Calixarenecarboxylic acid triethyl ester (0.52 mmol) is refluxed in 2 ml of thionyl chloride for 2.5 hours. Excess thionyl chloride is distilled off and the residue is dried under a high vacuum. The acid chloride is dissolved in 15 ml of methylene chloride, and one molar equivalent of each of triethylamine and N(3)-n-hexyl-3,6-diaminoacridine is added. After being stirred at room temperature overnight, the reaction mixture is diluted with methylene chloride and washed with 5% acetic acid. The organic phase is washed with saturated hydrogen carbonate solution, dried and concentrated by evaporation. Purification of the residue is carried out by chromatography on silica gel using methylene chloride/methanol 100:0 to 1:1. FAB-MS: 1240 [M+H]+; 1262 [M+Na]+.
4.27 g (4.5 mmol) of polyethylene glycol (PEG) (molecular weight: 948 (Siegfried)) are dissolved in 40 ml of tetrahydrofuran (THF), and 0.18 g (2.0 mmol) of butanediol (BDO) and 13 mg of DABCO are added. At 60° C., 1.63 g (6.5 mmol) of methylenediphenyl diisocyanate (MDI) are added. After 30 minutes, a further 0.2 g (0.8 mmol) of MDI, dissolved in 3 ml of THF, is added in portions. After 16 hours, 1 ml (11 mmol) of BDO is added. After a further 2 hours, the viscous solution is poured into 1000 ml of methanol. The tacky polymer is separates out. After decanting, the polymer is dried (16 hours at room temperature/100 mbar and 8 hours at room temperature/2 mbar).
Crude yield: 3.97 g (63%)
OH terminal groups: 0.23 molar equivalenvg
Glass transition temperature=−27° C.
Inherent viscosity ηinh=0.246 dl/g (0.5% solution in THF at 25° C.).
0.5 mg of the fluoroionophore A1 and 145 mg of poly(hydroxybutyl acrylate) [Scientific Polymer Products, Ontario N.Y. USA catalogue number 888] are dissolved in 0.5 ml of isopropanol. 100 μl of the above solution are applied (spin-coating) to a glass substrate having a diameter of 18 mm at a speed of 5000 RPM. The glass substrate is then dried at room temperature overnight.
Solutions of different concentrations are pumped through a flow cell containing the sensor. The following Table lists the signal as a function of various sodium concentrations.
Sodium concentration (mmol/litre)
Fluorescence intensity (V)
10 mg of the fluoroionophore A1 and 150 mg of polyurethane (BEC 45) are dissolved in tetrahydrofuran.
100 μl of the above solution are applied (spin-coating) to a glass substrate having a diameter of 18 mm at a speed of 5000 RPM. The glass substrate is then dried at room temperature overnight.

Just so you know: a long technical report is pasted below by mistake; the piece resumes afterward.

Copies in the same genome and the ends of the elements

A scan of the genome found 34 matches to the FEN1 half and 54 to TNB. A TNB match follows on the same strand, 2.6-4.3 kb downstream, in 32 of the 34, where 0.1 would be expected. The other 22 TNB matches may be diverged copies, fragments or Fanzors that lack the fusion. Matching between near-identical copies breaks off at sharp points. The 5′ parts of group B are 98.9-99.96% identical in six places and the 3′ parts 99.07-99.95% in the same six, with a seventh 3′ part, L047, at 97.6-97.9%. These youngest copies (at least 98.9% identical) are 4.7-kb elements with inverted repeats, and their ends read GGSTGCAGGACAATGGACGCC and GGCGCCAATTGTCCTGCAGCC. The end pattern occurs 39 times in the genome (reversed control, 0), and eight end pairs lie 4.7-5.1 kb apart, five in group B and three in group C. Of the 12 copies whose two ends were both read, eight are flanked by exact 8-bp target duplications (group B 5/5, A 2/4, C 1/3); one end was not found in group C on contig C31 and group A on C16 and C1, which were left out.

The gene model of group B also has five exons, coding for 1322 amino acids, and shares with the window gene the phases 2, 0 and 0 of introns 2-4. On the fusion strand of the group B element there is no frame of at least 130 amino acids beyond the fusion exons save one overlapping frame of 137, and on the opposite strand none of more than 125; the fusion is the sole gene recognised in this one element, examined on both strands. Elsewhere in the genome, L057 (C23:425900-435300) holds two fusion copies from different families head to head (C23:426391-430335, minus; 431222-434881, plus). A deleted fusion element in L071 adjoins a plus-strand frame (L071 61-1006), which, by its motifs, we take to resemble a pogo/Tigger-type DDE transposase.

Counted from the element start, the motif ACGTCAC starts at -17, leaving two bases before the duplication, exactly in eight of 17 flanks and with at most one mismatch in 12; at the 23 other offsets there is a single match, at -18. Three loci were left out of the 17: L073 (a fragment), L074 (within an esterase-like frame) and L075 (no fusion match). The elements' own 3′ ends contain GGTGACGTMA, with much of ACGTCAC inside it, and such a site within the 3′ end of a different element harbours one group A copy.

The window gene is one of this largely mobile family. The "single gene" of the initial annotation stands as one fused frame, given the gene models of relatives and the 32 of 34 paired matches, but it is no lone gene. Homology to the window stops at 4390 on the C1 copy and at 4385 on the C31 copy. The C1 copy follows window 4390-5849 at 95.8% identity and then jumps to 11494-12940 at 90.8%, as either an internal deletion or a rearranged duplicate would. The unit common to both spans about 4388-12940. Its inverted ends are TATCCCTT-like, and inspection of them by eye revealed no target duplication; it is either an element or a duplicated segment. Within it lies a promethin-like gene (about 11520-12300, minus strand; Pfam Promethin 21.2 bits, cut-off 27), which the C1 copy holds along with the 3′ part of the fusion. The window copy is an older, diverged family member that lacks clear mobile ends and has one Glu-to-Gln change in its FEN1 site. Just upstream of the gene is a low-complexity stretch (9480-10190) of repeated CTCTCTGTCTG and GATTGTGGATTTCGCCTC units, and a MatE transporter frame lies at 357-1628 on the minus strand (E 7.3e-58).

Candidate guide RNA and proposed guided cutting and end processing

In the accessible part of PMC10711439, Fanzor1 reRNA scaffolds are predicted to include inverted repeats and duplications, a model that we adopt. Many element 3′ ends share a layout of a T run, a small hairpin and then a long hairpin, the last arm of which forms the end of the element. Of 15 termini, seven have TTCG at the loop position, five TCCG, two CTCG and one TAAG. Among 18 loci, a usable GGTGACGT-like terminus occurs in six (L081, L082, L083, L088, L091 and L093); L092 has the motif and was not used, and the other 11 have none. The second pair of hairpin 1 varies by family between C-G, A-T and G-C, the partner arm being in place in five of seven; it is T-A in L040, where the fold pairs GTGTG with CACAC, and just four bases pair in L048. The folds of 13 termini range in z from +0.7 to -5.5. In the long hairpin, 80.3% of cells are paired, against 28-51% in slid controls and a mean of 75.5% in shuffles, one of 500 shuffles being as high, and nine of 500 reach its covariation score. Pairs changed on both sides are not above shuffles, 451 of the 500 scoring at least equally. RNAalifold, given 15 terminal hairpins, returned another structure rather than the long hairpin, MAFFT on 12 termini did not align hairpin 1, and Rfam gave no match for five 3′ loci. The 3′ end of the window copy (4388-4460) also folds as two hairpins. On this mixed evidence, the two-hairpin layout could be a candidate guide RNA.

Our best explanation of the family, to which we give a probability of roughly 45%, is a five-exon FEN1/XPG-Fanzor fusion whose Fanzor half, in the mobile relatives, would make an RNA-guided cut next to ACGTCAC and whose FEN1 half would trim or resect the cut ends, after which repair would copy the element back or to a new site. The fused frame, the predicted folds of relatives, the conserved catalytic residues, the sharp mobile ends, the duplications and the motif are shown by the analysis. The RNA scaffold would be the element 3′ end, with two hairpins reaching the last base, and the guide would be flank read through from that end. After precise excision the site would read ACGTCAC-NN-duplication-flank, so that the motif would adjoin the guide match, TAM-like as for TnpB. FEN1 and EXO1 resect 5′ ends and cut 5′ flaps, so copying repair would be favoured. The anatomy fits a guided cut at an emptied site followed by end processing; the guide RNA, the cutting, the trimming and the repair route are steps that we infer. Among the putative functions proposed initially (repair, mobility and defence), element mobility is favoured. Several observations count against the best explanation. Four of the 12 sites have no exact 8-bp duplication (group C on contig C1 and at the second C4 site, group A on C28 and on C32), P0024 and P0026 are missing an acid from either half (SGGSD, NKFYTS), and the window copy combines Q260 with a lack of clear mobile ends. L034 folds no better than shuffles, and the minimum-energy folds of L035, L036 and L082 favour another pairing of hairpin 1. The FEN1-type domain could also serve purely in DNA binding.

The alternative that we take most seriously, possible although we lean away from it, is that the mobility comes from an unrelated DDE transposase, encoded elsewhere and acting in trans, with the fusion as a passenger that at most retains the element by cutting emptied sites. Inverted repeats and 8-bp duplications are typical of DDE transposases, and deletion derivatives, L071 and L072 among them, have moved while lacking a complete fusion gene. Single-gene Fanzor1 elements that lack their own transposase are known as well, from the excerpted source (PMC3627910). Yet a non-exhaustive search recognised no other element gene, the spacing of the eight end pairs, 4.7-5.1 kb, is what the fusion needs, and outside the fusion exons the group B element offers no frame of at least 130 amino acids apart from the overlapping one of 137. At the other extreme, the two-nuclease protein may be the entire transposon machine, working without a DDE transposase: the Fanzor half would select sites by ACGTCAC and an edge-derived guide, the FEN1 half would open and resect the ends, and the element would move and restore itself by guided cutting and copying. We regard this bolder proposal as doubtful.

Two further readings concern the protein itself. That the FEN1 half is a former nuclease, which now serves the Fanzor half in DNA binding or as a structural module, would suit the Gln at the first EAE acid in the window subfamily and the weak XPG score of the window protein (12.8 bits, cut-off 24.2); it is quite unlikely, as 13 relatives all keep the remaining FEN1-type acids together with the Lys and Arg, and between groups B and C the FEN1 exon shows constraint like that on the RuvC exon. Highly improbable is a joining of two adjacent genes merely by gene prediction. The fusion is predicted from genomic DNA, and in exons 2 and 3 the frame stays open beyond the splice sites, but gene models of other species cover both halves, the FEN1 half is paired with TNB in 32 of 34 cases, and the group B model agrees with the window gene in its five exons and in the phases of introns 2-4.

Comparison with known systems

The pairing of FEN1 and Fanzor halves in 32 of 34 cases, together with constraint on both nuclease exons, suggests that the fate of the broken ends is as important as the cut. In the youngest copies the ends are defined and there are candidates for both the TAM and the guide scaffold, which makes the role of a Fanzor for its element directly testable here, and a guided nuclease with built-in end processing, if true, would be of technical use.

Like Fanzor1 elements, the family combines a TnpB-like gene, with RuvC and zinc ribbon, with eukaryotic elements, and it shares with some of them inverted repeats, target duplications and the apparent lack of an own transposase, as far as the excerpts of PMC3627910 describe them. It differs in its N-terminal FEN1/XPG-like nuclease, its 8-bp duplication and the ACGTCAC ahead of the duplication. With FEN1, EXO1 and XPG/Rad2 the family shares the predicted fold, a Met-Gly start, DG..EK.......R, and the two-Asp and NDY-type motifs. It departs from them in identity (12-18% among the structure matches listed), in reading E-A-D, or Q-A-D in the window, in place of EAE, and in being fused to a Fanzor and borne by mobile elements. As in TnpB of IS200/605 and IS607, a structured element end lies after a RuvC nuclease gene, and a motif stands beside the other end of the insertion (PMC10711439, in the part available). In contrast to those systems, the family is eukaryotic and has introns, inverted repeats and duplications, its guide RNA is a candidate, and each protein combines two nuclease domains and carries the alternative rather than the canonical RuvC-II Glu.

Solutions of different concentrations are pumped through a flow cell containing the sensor. The following Table lists the signal as a function of various sodium concentrations.
Sodium concentration (mmol/litre)
Fluorescence intensity (V)
The test apparatus is a conventional fluorescence apparatus. The light beam of a tungsten halogen lamp is used as excitation source and is focused by various lens and filter systems (including a dichroic filter that is set at 450) onto the sensor surface fixed in a flow cell. The emitted light is focused onto a photodiode detector and the fluorescence intensity is recorded in volts by a computer.
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|U.S. Classification||422/429, 422/82.08, 422/82.05, 422/82.07, 436/73, 422/82.06, 436/172, 436/79|
|International Classification||C07D311/82, G01N33/84, G01N31/00, C07D491/22, G01N21/78, C07D311/90, C07D219/08, G01N31/22|
|Cooperative Classification||C07D311/90, C07D219/08, G01N33/84, C07D311/82, G01N31/22|
|European Classification||C07D311/82, C07D311/90, G01N33/84, G01N31/22, C07D219/08|
|Apr 22, 2003||AS||Assignment|
|Dec 1, 2006||FPAY||Fee payment|
Year of fee payment: 4
|Dec 2, 2010||FPAY||Fee payment|
Year of fee payment: 8
|Jan 16, 2015||REMI||Maintenance fee reminder mailed|
|Jun 10, 2015||LAPS||Lapse for failure to pay maintenance fees|
|Jul 28, 2015||FP||Expired due to failure to pay maintenance fee|
Effective date: 20150610